States dependent on Colorado River consider conservation effort

By Tony Perry, Los Angeles Times

May 28, 2013

satellite image of colorado riverSAN DIEGO — Officials in the seven states that depend on the drought-beset Colorado River expressed a cautious willingness Tuesday to join the federal government in a complex, possibly contentious effort to step up conservation.

At a meeting in San Diego, officials of the Department of the Interior and the Bureau of Reclamation announced the establishment of three inter-state committees to devise plans for conservation, possibly including water reuse, desalination, water banking and the sale of water from farms to cities.

“While the solutions won’t be easy for anyone involved, the consequences of failure are too dire to ignore,” said Patricia Mulroy, general manager of the Southern Nevada Water Authority.

The committees have been ordered to have their recommendations ready by year’s end — virtually lightning speed for water-sharing issues that regularly take years, often decades, to resolve, if they can be resolved at all.

One committee will be composed of major municipal and industrial water users, one of agricultural interests, and one will have representatives from environmental groups. Also, the federal government is pledging to work on conservation projects with 10 American Indian tribes that have rights to the Colorado River and its tributaries.

On one point, there appears to be no disagreement: The hour is late and shortages loom as demand threatens to outstrip supply. Last year was the fifth driest on record; this year is headed to be the fourth driest.

By Oct. 1, the river’s two reservoirs, Lake Mead and Lake Powell, could be at less than half of their capacity, according to the Bureau of Reclamation.

“The time for action is now,” said Jennifer Pitt, head of the Environmental Defense Fund’s Colorado River Project. “Communities that depend on the Colorado River — for water supply or as the foundation of a $26-billion recreation economy — cannot afford to wait.”

Continue reading at the Los Angeles Times.

Wells Dry, Fertile Plains Turn to Dust

via The New York Times
Published: May 19, 2013

High Plains Aquifer graphic
Source: U.S. Geological Survey and The New York Times

HASKELL COUNTY, Kan. — Forty-nine years ago, Ashley Yost’s grandfather sank a well deep into a half-mile square of rich Kansas farmland. He struck an artery of water so prodigious that he could pump 1,600 gallons to the surface every minute.¶ Last year, Mr. Yost was coaxing just 300 gallons from the earth, and pumping up sand in order to do it. By harvest time, the grit had robbed him of $20,000 worth of pumps and any hope of returning to the bumper harvests of years past.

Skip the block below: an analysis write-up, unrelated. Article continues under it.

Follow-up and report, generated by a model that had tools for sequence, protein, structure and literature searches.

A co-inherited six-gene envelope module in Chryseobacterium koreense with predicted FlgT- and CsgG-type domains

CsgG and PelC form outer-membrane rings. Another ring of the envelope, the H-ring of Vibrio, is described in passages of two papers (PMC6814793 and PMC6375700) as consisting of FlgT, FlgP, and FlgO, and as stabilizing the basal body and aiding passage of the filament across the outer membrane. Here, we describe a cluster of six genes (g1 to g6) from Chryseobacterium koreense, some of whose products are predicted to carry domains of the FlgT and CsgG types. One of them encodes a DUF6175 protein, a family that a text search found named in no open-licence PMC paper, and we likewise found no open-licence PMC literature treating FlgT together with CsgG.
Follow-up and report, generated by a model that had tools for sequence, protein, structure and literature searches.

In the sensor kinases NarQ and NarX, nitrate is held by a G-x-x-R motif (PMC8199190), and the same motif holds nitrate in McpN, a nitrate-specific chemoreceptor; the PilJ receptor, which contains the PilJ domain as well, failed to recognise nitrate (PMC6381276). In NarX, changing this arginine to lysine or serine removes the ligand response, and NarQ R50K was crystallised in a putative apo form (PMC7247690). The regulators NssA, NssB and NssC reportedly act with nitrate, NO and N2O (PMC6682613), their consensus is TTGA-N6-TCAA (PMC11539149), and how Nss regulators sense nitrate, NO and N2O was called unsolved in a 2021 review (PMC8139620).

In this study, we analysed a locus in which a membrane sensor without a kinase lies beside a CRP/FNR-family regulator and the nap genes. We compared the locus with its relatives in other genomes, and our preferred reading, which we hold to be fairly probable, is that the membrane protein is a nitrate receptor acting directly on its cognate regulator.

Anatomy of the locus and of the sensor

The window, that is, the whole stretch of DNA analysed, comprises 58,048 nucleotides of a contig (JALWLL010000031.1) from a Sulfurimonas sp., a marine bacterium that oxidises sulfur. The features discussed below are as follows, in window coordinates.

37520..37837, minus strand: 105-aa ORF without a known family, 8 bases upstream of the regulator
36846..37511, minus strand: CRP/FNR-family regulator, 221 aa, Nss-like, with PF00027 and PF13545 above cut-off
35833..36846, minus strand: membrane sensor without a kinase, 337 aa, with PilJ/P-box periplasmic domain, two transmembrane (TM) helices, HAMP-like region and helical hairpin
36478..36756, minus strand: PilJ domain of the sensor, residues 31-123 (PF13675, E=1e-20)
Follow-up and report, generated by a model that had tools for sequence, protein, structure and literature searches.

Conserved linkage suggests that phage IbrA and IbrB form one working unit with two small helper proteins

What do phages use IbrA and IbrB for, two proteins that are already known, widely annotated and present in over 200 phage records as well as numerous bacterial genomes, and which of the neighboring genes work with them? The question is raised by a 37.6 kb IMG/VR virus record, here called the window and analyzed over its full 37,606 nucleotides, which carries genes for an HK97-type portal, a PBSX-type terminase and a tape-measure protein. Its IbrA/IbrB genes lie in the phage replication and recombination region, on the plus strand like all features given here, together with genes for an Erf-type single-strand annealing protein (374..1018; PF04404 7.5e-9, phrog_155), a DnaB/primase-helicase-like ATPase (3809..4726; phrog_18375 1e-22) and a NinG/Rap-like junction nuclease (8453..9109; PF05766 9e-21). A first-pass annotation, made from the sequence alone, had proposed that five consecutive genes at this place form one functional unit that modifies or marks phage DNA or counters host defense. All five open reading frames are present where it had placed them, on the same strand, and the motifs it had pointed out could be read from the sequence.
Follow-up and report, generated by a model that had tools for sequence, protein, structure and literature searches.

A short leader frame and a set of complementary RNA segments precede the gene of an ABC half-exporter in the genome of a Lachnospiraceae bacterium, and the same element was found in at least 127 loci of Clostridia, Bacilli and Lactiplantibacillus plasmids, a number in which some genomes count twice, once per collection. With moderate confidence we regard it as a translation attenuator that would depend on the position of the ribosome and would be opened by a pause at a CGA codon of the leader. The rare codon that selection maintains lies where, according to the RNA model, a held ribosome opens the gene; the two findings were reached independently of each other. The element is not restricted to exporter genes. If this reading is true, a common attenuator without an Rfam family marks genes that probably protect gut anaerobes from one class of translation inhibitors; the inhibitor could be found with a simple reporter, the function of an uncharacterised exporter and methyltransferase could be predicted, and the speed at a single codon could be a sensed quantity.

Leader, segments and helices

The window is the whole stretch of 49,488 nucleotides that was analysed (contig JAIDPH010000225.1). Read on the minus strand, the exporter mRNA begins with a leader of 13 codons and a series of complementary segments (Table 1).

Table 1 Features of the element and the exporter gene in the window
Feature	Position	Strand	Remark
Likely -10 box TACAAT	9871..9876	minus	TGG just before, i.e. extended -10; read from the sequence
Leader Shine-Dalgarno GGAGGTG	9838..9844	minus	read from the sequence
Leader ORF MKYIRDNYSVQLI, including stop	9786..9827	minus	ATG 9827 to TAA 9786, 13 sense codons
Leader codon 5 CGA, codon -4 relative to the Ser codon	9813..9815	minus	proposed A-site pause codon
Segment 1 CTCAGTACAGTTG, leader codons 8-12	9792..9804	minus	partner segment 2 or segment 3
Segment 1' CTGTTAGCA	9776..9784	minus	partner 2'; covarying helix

“That’s prime land,” he said not long ago, gesturing from his pickup at the stubby remains of last year’s crop. “I’ve raised 294 bushels of corn an acre there before, with water and the Lord’s help.” Now, he said, “it’s over.”

The land, known as Section 35, sits atop the High Plains Aquifer, a waterlogged jumble of sand, clay and gravel that begins beneath Wyoming and South Dakota and stretches clear to the Texas Panhandle. The aquifer’s northern reaches still hold enough water in many places to last hundreds of years. But as one heads south, it is increasingly tapped out, drained by ever more intensive farming and, lately, by drought.

Vast stretches of Texas farmland lying over the aquifer no longer support irrigation. In west-central Kansas, up to a fifth of the irrigated farmland along a 100-mile swath of the aquifer has already gone dry. In many other places, there no longer is enough water to supply farmers’ peak needs during Kansas’ scorching summers.

And when the groundwater runs out, it is gone for good. Refilling the aquifer would require hundreds, if not thousands, of years of rains.

Continue reading at The New York Times.

An Underground Pool Drying Up

via The New York Times

Portions of the High Plains Aquifer are rapidly being depleted by farmers who are pumping too much water to irrigate their crops, particularly in the southern half in Kansas, Oklahoma and Texas. Levels have declined up to 242 feet in some areas, from predevelopment — before substantial groundwater irrigation began — to 2011.

Limits to Flood Forecasting in the Colorado Front Range


Limits to Flood Forecasting in the Colorado Front Range for Two Summer Convection Periods using Radar Nowcasting and a Distributed Hydrologic Model


Hernan A. Moreno, (1),(2)
Enrique R. Vivoni, (1),(3)
David J. Gochis, (4)


Journal of Hydrometeorology 2013 ; e-View


Figure 10. Spatial distribution of total (a) rainfall and (b) runoff at LTHOM during Storm 2004, 2 using QPE forcing; mean ensemble difference of precipitation for (c) 60-min and (e) 180-min 3 lead times; and mean ensemble differences of runoff for (d) 60-min and (f) 180-min lead times.
Figure 10. Spatial distribution of total (a) rainfall and (b) runoff at LTHOM during Storm 2004,
2 using QPE forcing; mean ensemble difference of precipitation for (c) 60-min and (e) 180-min
3 lead times; and mean ensemble differences of runoff for (d) 60-min and (f) 180-min lead times.